Covid-19 is surging -- but, finally, the light at the end of the tunnel is visible. Preliminary test results indicate that vaccines being developed by Pfizer and Moderna are more effective than many dared to hope. Treatment protocols have improved, and new therapies are available. The mortality rate from the virus is dropping.
Medical developments aren't the only thing to put a bounce in your step. The economy added an eye-popping 638,000 net new jobs in October, and the unemployment rate fell below 7%. The economy has so far avoided structural problems from the virus and recession. Commercial bankruptcy filings are actually below their pre-virus levels. Small businesses are surviving, with last spring's closures proving temporary and with new-business formation surprisingly robust. Large U.S. corporations are beating their earnings estimates.
But don't let the good news obscure the economy's urgent need for additional government support. The economic recovery from this spring's recession is slowing, and the outlook for the winter is troubling. It would be a mistake to wait until President-elect Joe Biden is sworn into office in late January to give the economy the boost it needs today. Compromise between the two political parties will be difficult, but it is imperative.
The CARES Act -- the $1.8 trillion economic recovery law passed in March -- helped the economy recover rapidly in May and June. Its effects are wearing off, and the recovery is slowing as a result. Relative to June, monthly job gains fell by 69% in August and 87% in October. There were 2.6 times as many long-term unemployed workers in October as there were in June.
Consumers are souring, as well. The University of Michigan's index of consumer sentiment for November fell to a three-month low. Consumer spending has retreated to its lowest level since early September, according to economists at JPMorgan Chase & Co.
The surging pandemic will suppress economic activity more this winter. So will colder weather, which will limit outdoor activities.
The economy needs support in November, December and January. Waiting until February -- and allowing much damage in the intervening months -- would be a grave mistake.
Yes, consumers may be more willing to tolerate the risk of getting sick in order to have more normal daily lives. So the economy might be able to grind through the winter, recovering at a slower pace, even given surging caseloads.
Even if that's likely, another economic recovery package is needed.
Some Democrats may prefer to wait until Biden is sworn in, expecting they could get more of what they want in a package of stimulus legislation. This strategy is risky and irresponsible. Senate Republicans will be less likely to give Biden a big win in February than President Donald Trump a big win in November. And in February, with the promise of a vaccine in wide distribution looming, Senate Republicans may feel less pressure to pass another expensive bill.
In addition, waiting until February means providing no help to unemployed workers, low-income households, schools and small businesses for the next three months. Democrats in Congress should not gamble with support for vulnerable households and business survival. They should want to stop the economy from taking on water today so that it is as strong as possible under Biden's watch.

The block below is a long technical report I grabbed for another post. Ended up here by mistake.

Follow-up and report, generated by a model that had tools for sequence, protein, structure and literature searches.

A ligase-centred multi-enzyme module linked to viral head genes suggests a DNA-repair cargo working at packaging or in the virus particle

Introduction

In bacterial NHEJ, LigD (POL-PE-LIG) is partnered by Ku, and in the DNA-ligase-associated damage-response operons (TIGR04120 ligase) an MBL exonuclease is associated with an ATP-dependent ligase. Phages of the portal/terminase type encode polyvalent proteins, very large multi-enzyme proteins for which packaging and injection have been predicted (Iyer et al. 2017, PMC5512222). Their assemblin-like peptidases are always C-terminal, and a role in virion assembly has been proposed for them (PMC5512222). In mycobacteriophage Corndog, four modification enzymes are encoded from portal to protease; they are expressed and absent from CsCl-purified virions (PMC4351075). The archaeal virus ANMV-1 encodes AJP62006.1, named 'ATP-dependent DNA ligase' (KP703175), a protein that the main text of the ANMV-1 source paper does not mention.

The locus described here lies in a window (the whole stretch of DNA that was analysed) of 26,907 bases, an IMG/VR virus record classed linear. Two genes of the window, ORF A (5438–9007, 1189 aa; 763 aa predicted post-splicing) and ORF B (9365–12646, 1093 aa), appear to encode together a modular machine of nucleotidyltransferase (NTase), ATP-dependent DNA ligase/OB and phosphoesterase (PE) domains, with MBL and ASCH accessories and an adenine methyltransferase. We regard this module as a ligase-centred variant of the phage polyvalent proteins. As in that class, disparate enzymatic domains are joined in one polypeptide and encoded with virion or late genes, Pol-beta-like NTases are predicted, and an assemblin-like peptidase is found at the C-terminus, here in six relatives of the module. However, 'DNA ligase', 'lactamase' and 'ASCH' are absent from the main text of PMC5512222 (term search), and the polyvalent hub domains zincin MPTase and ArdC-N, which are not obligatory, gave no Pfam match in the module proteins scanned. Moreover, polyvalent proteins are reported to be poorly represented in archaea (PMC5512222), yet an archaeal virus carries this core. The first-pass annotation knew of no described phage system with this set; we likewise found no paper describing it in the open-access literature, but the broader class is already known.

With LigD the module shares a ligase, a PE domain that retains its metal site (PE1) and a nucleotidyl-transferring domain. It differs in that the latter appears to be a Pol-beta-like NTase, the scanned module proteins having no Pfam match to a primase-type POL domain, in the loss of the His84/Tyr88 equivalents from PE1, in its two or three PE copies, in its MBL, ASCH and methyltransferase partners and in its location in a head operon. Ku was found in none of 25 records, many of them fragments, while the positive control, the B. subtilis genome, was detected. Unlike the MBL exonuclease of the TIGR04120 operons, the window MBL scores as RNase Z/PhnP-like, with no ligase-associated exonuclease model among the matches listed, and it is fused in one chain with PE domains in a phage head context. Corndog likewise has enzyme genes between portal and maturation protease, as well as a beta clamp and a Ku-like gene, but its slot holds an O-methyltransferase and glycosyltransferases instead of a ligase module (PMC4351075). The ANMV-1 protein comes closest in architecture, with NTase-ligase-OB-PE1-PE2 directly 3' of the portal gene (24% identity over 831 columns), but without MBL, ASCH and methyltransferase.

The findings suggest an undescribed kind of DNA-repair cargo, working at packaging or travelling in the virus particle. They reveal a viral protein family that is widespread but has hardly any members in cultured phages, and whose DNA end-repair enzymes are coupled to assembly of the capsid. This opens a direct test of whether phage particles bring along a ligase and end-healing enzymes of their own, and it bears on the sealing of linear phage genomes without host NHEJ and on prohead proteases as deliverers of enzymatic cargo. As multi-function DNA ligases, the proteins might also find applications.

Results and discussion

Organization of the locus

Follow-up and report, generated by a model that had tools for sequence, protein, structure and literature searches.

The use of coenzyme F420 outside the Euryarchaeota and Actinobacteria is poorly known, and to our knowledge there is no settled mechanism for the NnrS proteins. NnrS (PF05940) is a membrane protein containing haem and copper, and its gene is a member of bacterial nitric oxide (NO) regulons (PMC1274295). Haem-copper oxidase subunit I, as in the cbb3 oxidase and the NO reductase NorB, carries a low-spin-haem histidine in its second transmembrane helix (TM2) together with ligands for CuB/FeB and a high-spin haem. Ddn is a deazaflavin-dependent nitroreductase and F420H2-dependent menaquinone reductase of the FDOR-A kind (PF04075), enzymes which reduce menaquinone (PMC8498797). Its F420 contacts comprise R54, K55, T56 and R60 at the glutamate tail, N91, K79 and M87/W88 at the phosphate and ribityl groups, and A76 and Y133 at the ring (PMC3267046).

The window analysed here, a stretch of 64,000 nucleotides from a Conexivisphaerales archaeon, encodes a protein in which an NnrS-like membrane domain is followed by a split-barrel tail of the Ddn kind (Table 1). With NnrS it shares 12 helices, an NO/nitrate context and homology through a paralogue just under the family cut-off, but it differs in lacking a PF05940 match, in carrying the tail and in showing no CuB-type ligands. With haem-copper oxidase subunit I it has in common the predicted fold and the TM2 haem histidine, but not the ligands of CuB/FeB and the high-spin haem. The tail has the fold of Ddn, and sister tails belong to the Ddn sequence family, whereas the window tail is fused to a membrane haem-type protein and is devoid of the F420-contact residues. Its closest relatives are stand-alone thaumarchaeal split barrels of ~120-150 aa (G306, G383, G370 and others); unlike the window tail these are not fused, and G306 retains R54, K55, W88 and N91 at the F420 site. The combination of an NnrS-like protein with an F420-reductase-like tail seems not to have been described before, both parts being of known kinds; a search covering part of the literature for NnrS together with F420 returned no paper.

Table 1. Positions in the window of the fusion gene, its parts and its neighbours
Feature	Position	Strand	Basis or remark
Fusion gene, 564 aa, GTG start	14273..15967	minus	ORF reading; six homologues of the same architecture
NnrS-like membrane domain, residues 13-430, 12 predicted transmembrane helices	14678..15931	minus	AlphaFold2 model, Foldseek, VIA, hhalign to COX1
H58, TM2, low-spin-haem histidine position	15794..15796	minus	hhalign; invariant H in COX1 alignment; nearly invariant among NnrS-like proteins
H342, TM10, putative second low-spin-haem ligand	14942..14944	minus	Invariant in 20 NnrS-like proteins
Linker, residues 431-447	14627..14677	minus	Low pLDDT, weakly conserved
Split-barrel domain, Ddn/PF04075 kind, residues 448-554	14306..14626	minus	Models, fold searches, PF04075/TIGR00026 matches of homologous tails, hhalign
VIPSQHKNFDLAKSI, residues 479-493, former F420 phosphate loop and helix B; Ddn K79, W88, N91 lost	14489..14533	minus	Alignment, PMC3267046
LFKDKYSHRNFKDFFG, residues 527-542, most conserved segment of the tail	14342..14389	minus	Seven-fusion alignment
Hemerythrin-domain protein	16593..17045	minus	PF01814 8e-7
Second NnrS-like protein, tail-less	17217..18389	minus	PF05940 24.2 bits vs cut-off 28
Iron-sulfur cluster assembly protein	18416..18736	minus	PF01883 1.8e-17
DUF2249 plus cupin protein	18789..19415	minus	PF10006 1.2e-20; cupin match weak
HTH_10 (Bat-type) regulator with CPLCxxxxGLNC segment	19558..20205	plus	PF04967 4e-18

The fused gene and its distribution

Senate Majority Leader Mitch McConnell, R-Ky., is appropriately focused on the outcome of the Senate runoff elections in Georgia, scheduled for early January, which will determine whether his party keeps control of the chamber. McConnell should want to pass another stimulus bill this month so moderate voters in Georgia don't perceive a Republican Senate to be an obstacle to economic recovery.
The outlines of a compromise are clear. Another round of Paycheck Protection Program funds, perhaps targeted at even smaller businesses -- say, those with fewer than 300 employees -- than in the CARES Act. Spending for public health measures, including increasing testing. Renewing the CARES Act's expansions of unemployment insurance benefit duration and eligibility, and supplementing state-provided benefits by a few hundred dollars per week. Offering businesses protection against virus-related lawsuits. Expanding food stamps. Offering grants to state and local governments to avoid layoffs and help schools reopen.
This compromise has elements that both parties (and I) would rather not see signed into law. But it is reasonable and would command majorities in both the Senate and House of Representatives. It would cost around $1 trillion, which is both politically feasible and appropriate to the need. Democrats should be willing to accept a few billion dollars less than that, and Republicans should be willing to spend a few billion dollars more.
The two parties are at an impasse, each preferring to blame the other for a lack of progress than to compromise. The odds are currently against more stimulus. But it could happen with presidential leadership. House Democrats would need to stop allowing the perfect to be the enemy of the good and agree to a compromise that can pass in the Senate. McConnell would need to bring a compromise to the Senate floor, knowing that it would lose a dozen or two Republican votes and pass with the support of Democrats.
And Trump should be told this: "If you want your legacy to be that you saved the economy from the pandemic recession, the CARES Act isn't enough. Break the stalemate. Today."
Strain is a Bloomberg Opinion columnist. He is director of economic policy studies and Arthur F. Burns Scholar in Political Economy at the American Enterprise Institute. He is the author of "The American Dream Is Not Dead: (But Populism Could Kill It)."